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September 21, 2012

News Briefs

‘They won’t magically turn you into a lustful cockmonster’

Baltimore--Maryland Rep. Emmett Burns may have more to worry about than opposing same-sex marriage. If he keeps running his mouth, he might get beaten by some football players.

Burns went to Ravens management to urge them to force linebacker Brendon Ayanbadejo to keep his pro-marriage views to himself. In response, he was slapped with an open letter from Minnesota Vikings punter Chris Kluwe, who took offense at the affront to Ayanbadejo’s First Amendment rights.

“I can assure you that gay people will have zero effect on your life,” Kluwe wrote in the letter, which was published on the sports blog “They won’t come into your house and steal your children. They won’t magically turn you into a lustful cockmonster. They won’t even overthrow the government in an orgy of hedonistic debauchery because all of a sudden they have the same legal rights as the other 90 percent of our population.”

That was in addition to telling the state legislator to have an intern explain the big words and calling him a narcissistic stain caused by the sweat from between the male scrotum and anus.

Kluwe pointed out that, while trying to stifle Ayanbadejo’s free speech protections under the First Amendment, Burns enjoys the religious protections of the amendment, as a Baptist minister.

“To call that hypocritical would be to do a disservice to the word. Mindfucking, obscenely hypocritical starts to approach it a little bit,” Kluwe noted.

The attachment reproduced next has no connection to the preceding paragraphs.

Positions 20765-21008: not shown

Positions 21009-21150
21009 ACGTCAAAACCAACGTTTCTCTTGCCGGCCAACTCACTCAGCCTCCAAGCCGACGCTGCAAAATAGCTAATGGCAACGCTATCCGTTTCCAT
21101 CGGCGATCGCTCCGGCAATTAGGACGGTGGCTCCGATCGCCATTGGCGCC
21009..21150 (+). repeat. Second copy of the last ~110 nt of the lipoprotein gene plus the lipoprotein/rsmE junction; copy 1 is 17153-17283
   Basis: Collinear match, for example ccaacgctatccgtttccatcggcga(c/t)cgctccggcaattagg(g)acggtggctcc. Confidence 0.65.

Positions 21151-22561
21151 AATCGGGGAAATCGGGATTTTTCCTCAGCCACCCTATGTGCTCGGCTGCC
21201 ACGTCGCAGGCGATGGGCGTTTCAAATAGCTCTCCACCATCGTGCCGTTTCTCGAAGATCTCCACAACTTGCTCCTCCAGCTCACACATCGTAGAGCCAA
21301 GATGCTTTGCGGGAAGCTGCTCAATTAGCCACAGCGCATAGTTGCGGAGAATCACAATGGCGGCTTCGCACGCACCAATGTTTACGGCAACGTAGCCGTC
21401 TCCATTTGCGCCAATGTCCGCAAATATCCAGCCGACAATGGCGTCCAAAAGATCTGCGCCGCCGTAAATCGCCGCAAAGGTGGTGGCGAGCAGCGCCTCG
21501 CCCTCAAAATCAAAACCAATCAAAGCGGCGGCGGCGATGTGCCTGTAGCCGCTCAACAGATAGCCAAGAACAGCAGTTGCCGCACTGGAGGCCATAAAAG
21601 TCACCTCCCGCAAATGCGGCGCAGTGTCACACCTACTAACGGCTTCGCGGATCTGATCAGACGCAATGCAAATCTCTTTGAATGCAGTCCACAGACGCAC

Ayanbadejo is the son of a Nigerian man and an Irish-American woman. His parents separated when he was three, and his mother took him and his older brother to Chicago, where they lived in a housing project.

When they moved to Santa Cruz, California, Ayanbadejo rode a skateboard in addition to playing football, joined the drama club and befriended gay students.

In April 2009, he wrote a piece published in the Huffington Post supporting same-sex marriage, spurred by the lack of support for the issue from Barack Obama during the election the year before.

Both Maryland and Minnesota face marriage-related battles at the ballot box in November.

Soft-porn flyers sent in N.Y. races

New York City--A Republican primary devolved into gay-baiting earlier this month when Juan Reyes, once an aide to former mayor Rudolph Giuliani, sent out a mailing calling his opponent, Councilor Eric Ulrich, of being too gay-friendly for going out to dinner with an openly gay Democratic councilor and his husband.

In Buffalo, however, state Sen. Mark Grisanti was targeted by a mailing that calling him a “whore” for voting in favor of marriage equality, saying that he received over three-quarters of a million dollars in donations to his campaign for the vote.

The flyer targeting Grisanti and the three other Republicans who voted in favor of the marriage law in the state senate included a picture from a gay pornographic video of one young man kissing another’s bare abdomen while starting to pull down his pants. The flyer was sent out via email by Matthew Ricchiazzi, a former mayoral candidate in Buffalo.

Cicilline wins his primary